Library filtering foes once again will face off in court later this month, in a case that has become the symbolic flip side of the bellwether Loudoun County Library case.
In November a federal judge ruled that the Loudoun County Library was violating the Constitution by installing Internet filters on all of its computers providing Net access. On January 13, a parent in Livermore, California--in tandem with a religious organization--will sue for precisely the opposite reason: because the Livermore Public Library failed to install filters on its computers, allowing patrons full access to the Net.
The plaintiffs--a Livermore parent identified only as "Kathleen R." and the Pacific Justice Institute, a Sacramento-based nonprofit legal defense organization specializing in religious freedom and parents' rights--filed a lawsuit in May after the woman's 12-year-old son repeatedly downloaded pornographic images to a disk, printed them out at a relative's house, and then distributed them, according to the suit.
Alameda County Superior Court judge George Hernandez Jr. in October dismissed the bulk of the suit, arguing it was preempted by a federal law contained within a portion of the Communications Decency Act that was not thrown out by the Supreme Court.
Since then, however, the plaintiffs have amended their complaint and are asking the court to force Livermore to install filters, citing the 14th Amendment. They are alleging that Livermore, with its policy of allowing unfettered access to the Net, is violating citizen rights to due process, and "is placing children in danger," said Mike Millen, the attorney representing the plaintiffs.
"What our lawsuit contends is that the library actively places children in danger of severe psychological harm by providing them with obscene pornography," Millen said.
But Dan Sodegren, assistant city attorney for the city of Livermore said the case is weak and that Livermore is likely to win. "The 14th Amendment was designed to protect against arbitrary state action," he said.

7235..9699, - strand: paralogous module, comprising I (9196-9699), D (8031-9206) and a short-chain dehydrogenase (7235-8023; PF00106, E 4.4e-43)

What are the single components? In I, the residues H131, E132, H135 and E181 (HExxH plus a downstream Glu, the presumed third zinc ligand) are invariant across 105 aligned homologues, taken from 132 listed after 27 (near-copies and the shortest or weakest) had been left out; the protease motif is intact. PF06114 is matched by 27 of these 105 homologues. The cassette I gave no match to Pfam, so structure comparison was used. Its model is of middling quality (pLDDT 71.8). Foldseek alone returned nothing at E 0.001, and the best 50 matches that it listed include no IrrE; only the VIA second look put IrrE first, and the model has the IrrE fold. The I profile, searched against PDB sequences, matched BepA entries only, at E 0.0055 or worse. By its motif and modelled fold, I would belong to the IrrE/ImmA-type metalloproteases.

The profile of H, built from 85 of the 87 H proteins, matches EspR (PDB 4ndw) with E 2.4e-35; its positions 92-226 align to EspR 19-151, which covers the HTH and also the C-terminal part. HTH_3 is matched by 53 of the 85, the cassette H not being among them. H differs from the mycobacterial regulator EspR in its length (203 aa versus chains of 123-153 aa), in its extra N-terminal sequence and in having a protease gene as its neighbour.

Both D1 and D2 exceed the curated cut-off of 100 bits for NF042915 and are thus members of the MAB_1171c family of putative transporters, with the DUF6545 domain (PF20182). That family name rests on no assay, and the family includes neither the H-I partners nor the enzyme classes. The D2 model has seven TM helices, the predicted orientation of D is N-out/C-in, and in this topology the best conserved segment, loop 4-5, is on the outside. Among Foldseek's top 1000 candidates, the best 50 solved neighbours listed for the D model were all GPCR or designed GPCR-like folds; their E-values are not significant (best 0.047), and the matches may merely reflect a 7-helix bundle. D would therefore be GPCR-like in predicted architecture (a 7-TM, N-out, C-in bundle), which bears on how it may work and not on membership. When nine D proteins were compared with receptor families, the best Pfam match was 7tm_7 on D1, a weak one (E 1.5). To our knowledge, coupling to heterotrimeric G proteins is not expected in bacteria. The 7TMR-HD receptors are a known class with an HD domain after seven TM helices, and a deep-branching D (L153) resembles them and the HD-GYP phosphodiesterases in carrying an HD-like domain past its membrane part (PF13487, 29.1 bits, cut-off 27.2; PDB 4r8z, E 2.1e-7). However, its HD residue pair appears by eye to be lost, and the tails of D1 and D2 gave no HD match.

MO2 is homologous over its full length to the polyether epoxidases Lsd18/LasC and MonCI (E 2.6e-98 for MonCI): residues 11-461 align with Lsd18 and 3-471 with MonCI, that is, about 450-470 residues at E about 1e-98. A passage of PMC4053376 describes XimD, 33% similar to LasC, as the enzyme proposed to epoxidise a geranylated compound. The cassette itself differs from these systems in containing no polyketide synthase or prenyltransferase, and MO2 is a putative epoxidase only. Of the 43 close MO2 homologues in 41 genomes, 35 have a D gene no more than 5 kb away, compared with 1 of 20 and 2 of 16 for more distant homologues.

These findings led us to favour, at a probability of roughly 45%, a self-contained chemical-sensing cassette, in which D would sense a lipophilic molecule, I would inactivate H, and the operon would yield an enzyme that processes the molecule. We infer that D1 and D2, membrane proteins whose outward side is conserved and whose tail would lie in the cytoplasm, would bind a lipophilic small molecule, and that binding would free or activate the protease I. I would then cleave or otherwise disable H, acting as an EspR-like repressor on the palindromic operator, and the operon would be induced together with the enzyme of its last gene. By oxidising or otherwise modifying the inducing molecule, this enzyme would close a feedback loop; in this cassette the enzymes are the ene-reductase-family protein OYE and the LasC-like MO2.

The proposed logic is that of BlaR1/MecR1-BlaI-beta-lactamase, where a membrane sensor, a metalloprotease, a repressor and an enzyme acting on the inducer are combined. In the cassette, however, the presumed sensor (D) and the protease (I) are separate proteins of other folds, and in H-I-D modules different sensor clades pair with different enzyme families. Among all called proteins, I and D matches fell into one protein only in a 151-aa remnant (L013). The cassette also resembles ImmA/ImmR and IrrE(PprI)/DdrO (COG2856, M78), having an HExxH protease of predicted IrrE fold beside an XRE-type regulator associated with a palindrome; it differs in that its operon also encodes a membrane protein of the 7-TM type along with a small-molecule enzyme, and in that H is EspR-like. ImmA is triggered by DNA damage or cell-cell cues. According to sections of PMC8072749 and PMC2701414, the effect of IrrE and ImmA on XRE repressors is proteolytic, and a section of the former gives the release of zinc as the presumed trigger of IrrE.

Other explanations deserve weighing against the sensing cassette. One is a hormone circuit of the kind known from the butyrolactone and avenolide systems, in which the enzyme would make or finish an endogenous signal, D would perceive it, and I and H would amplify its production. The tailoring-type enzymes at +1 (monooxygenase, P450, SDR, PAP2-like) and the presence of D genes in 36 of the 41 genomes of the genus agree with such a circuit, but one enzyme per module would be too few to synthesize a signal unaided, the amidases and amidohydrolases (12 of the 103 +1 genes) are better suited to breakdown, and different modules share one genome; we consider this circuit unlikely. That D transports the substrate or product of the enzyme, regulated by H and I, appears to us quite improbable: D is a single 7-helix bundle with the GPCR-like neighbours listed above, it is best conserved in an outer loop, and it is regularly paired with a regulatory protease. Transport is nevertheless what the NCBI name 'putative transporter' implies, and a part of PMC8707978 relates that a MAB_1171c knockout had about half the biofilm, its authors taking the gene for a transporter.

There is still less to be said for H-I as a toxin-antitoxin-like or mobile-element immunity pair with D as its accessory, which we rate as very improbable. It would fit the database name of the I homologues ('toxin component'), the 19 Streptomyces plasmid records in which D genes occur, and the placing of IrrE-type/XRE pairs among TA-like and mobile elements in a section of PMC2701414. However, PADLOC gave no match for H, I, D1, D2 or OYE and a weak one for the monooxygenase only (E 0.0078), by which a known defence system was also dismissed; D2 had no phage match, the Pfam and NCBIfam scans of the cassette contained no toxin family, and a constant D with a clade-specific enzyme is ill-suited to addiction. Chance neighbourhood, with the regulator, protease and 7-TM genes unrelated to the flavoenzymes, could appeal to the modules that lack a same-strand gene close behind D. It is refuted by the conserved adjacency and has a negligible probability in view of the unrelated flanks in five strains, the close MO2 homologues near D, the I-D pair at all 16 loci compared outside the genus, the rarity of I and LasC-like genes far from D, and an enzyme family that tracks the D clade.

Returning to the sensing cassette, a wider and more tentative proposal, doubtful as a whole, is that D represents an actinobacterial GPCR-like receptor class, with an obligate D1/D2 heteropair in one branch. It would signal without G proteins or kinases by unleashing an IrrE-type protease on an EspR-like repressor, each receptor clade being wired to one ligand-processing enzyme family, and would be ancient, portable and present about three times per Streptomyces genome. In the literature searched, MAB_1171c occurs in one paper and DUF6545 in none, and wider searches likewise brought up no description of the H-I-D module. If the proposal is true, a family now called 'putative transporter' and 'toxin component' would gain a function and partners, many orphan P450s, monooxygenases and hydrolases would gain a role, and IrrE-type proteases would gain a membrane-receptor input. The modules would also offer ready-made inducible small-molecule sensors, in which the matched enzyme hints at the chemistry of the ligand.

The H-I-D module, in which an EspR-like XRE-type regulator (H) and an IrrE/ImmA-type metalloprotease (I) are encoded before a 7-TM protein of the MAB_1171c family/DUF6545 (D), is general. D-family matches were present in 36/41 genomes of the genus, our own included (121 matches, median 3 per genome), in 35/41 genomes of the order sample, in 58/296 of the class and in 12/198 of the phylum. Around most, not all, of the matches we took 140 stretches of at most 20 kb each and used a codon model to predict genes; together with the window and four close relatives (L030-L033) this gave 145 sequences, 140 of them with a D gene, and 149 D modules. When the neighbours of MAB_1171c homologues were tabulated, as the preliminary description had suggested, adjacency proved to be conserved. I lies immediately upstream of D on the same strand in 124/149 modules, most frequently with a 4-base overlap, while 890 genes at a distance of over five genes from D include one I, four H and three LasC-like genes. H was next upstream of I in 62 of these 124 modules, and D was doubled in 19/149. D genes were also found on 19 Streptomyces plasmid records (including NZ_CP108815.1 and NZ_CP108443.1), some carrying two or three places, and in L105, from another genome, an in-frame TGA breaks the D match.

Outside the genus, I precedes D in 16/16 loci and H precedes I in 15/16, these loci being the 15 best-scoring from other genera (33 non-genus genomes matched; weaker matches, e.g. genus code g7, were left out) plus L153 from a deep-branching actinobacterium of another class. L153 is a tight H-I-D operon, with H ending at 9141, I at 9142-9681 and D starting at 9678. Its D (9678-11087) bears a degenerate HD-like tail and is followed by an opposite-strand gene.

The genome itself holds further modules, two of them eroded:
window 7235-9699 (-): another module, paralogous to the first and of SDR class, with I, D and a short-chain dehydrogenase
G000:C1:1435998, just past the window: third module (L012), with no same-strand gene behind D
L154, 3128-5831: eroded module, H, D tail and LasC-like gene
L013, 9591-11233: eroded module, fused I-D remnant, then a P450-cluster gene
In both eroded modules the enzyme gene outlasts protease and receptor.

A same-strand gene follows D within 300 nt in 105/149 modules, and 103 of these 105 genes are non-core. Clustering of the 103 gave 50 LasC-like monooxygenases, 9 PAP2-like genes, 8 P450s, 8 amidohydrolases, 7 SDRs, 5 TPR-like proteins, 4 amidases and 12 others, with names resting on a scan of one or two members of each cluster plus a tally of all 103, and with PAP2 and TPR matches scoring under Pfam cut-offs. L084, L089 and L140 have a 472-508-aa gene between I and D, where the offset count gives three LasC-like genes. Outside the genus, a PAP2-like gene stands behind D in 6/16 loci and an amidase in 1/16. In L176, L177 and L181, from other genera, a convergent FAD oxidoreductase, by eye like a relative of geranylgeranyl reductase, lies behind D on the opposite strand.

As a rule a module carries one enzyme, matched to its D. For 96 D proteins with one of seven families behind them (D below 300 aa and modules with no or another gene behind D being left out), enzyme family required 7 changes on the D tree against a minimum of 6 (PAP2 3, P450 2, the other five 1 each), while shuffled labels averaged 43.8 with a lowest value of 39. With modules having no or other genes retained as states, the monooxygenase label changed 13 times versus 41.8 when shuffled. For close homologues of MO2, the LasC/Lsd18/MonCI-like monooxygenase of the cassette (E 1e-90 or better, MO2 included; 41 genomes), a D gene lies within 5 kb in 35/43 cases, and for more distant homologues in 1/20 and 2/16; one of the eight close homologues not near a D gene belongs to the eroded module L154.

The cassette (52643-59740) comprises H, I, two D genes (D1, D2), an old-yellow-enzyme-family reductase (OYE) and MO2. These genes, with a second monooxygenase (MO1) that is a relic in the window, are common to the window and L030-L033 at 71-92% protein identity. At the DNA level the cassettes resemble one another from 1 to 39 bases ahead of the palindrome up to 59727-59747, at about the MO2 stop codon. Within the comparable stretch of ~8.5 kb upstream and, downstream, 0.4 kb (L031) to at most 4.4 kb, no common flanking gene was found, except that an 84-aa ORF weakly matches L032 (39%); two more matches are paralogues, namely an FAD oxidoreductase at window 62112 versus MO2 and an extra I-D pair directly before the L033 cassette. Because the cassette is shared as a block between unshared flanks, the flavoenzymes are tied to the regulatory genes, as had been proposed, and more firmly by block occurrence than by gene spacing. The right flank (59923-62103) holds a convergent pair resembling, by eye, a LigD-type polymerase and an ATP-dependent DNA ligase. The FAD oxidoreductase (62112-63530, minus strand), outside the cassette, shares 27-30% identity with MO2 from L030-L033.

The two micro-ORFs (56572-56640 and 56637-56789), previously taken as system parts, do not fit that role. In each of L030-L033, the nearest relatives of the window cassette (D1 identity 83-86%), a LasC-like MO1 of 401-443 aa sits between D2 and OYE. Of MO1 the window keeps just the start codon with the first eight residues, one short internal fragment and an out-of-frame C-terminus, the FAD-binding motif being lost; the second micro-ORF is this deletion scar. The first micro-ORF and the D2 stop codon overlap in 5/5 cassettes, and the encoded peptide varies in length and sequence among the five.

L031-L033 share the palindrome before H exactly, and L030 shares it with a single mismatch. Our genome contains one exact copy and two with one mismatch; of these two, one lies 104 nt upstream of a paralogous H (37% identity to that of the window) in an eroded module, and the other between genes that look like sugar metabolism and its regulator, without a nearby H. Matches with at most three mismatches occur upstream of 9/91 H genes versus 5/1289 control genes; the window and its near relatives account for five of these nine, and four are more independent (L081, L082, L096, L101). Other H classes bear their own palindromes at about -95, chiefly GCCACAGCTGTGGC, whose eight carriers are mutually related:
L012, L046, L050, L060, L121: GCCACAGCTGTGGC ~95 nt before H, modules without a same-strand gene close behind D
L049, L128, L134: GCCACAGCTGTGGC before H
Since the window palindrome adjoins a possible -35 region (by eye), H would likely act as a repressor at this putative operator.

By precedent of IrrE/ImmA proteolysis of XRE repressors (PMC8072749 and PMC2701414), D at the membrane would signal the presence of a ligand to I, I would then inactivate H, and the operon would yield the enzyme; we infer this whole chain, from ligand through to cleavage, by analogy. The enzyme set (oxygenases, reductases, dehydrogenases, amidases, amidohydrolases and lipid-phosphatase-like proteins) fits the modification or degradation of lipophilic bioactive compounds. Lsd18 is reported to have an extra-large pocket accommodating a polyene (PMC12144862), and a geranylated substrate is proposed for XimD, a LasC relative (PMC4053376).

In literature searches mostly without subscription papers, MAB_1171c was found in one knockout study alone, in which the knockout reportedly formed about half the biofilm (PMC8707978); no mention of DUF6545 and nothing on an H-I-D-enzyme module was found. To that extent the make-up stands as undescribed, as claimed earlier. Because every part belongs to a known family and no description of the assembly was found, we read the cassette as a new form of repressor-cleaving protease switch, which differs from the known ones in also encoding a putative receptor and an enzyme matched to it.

He noted that Livermore didn't actually take any action at all, adding: "The basis of this case is that we didn't do anything."
Courts have time and again ruled against mandatory filtering in libraries. But new cases challenging libraries that either filter too much or filter too little continue to arise.
Brad Dacus, president of the Pacific Justice Institute, said today that the Livermore library, by allowing anyone to access anything on the Net--including pornography--is committing "a severe breach of the public trust."
"Public entities should not be immune from answering to the harm to young children they know could occur by exposure to this material, material which would be illegal to be distributed to minors in virtually any other setting," he said.
The library has a responsibility to "protect minor children," he added.
But the library, backed by the American Civil Liberties Union, has stated that its role is not to filter information, but rather to provide it.
"Right now the library's policy is free and open access, and it's the responsibility of the user to monitor what is coming in," said library director Susan Gallinger. "In the case of children, it's the responsibility of parents [to monitor what is being accessed]."
Gallinger said the library has not received other complaints about its policy since the case was filed, and, in fact, has received many letters of support.
Millen said he expected that, by the time this case winds its way through the court system, given the promise of appeals on both sides, the applicable law will have changed.
"I strongly believe the law is going to change," he said. "[Meanwhile, this case] is helping to raise national awareness."